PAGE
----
Drain the pasta, plate with the lobster pieces on top of the linguine. Ladle some of the scrumptious sauce into each dish, and garnish with chopped parsley and basil florets.
Perhaps my all time favorite comfort food is onion soup gratinee, or Soupe à l’Oignon Gratinée . I have what you might call a passion and devotion for the stuff; I’ve been making it for over three decades. If you’re thinking about making incredibly delicious onion soup, let me first say that unless you’re willing to put the time, love and patience into it, I’d sincerely recommend going out to a good restaurant that serves it. Having said that, and if you’re still reading this instead of looking for the car keys, let’s talk onions first.
Unequivocally, my first choice for onion soup is Vidalia onions. They come into season during the spring; traditionally they were harvested in the southeast of the USA. During the season I buy 30-40 pounds of Vidalias at a time, caramelize them in 10-pound batches, put them in vacuum bags and freeze them. (Caramelized Vidalia onions are great for any number of things, including pizza toppings, and my onion-tomato-olive tartin). The first time you caramelize ten pounds of onions you’ll be shocked by the reduced volume of the rendered onions.
Even more critical than the onions is the liquid for the soup; that is, the stock. Volumes have been written about stocks used in cooking, and I know I’ve stuck my two cents’ worth in at various times in this blog. Suffice it to say, without at least a good stock (we’re talking homemade), stop right here and go get the car keys.
Over the years I’ve used chicken, beef, veal, and duck stocks for onion soup. Julia Child advocates chicken stock; Thomas Keller is a proponent of beef stock. In the 80s I read a Thanksgiving dinner recipe in Gourmet from the Essex Inn, in Connecticut which profiled War of 1812 onion soup (British version) which called for copious amounts of duck backs. For the past five years or so I’ve migrated to a 50% chicken and 50% duck stock blend. I keep a lot of both stocks in a chest freezer. Regardless of your choice of stocks, the key is a degreased, rich, and flavorful one; without that, you’re wasting your time.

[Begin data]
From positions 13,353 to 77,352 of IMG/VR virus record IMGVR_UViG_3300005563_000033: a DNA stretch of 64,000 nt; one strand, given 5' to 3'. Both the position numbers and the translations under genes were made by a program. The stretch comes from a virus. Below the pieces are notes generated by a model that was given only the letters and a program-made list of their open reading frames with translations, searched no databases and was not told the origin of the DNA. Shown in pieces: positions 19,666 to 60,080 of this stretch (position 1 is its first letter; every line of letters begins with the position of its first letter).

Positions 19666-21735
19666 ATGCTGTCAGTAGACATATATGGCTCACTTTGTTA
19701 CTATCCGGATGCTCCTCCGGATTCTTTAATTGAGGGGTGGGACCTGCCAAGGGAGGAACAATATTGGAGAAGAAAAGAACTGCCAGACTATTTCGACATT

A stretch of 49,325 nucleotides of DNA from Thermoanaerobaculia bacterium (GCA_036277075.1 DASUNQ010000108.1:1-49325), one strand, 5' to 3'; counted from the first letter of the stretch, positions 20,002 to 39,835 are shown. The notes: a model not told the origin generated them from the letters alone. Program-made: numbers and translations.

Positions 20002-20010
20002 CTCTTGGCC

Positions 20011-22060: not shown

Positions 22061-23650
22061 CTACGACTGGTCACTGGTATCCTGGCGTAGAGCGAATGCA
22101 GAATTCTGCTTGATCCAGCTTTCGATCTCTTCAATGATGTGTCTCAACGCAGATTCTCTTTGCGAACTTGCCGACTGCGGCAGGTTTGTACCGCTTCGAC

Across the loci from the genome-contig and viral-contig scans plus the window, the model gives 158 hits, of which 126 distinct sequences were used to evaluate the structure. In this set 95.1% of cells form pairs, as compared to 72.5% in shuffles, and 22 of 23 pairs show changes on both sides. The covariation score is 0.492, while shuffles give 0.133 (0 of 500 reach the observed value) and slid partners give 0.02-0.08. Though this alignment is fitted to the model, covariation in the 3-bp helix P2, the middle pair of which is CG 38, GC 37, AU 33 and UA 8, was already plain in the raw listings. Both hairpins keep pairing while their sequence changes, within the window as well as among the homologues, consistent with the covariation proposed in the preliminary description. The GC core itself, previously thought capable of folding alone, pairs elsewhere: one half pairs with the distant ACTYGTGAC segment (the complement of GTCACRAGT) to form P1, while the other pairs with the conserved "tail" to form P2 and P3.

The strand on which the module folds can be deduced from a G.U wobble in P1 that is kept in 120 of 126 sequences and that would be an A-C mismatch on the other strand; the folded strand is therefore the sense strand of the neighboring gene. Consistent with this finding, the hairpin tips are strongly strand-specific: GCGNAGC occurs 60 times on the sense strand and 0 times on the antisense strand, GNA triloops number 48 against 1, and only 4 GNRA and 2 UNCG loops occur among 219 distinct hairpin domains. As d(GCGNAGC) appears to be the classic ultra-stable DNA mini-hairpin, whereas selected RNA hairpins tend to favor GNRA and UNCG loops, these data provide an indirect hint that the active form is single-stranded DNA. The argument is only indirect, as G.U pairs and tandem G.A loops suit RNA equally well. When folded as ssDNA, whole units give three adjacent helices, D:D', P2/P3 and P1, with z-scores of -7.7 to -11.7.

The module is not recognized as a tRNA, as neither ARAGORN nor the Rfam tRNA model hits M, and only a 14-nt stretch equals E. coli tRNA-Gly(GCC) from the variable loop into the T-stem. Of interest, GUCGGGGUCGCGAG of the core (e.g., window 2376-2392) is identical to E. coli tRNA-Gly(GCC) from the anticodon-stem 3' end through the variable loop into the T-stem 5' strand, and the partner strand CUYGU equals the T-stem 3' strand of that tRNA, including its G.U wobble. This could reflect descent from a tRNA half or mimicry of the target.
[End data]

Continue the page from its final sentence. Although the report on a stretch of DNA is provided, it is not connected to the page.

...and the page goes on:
The last two key ingredients are cheese and bread for a large crouton. Again, it becomes a matter of personal choice for the cheese. Keller strongly suggests an aged Comte. I like a good Gruyere or Fontina. When I photographed the onion soup for this post I had neither, so I went with the Jarlsberg in the refrigerator.
Finally, for the toasted crouton I’d avoid store bought white loaf bread, if possible. I bake, so there’s usually something interesting lying around to slice up, toast and whittle down to fit the soup bowl. Baguette size slices are ideal. Just remember, the bread is going to absorb some of the soup, and it will become an integral part of the overall culinary experience.
So let’s put this all together:
To make 1 gallon Onion Soup:
10 lbs. sweet onions, preferably Vidalia
1 stick (4oz) unsalted butter
¼ cup unbleached white flour
2 Tbsp unsalted flour
2 qt. good homemade chicken stock (I’ve been using Julia Child’s for years)
2 qt. duck stock (I like Keller’s duck stock from French Laundry cook book)
½ inch slice of bread for each bowl served
¼-½ cup Gruyere cheese, sliced thin or shredded
Peel the onions, slicing off the stem and the opposite end. Cut each onion in half from stem to top, not cross-sectionally. Place the onions cut side down and, using a sharp knife, slice along the veins. This will help cook evenly and ultimately caramelize the onions. By the time you slice up ten pounds of onions, you’ll be a pro. (Figure out in advance how to deal with tearing eyes from onions: I do this close to my range’s overhead vent; my daughter wears ski goggles).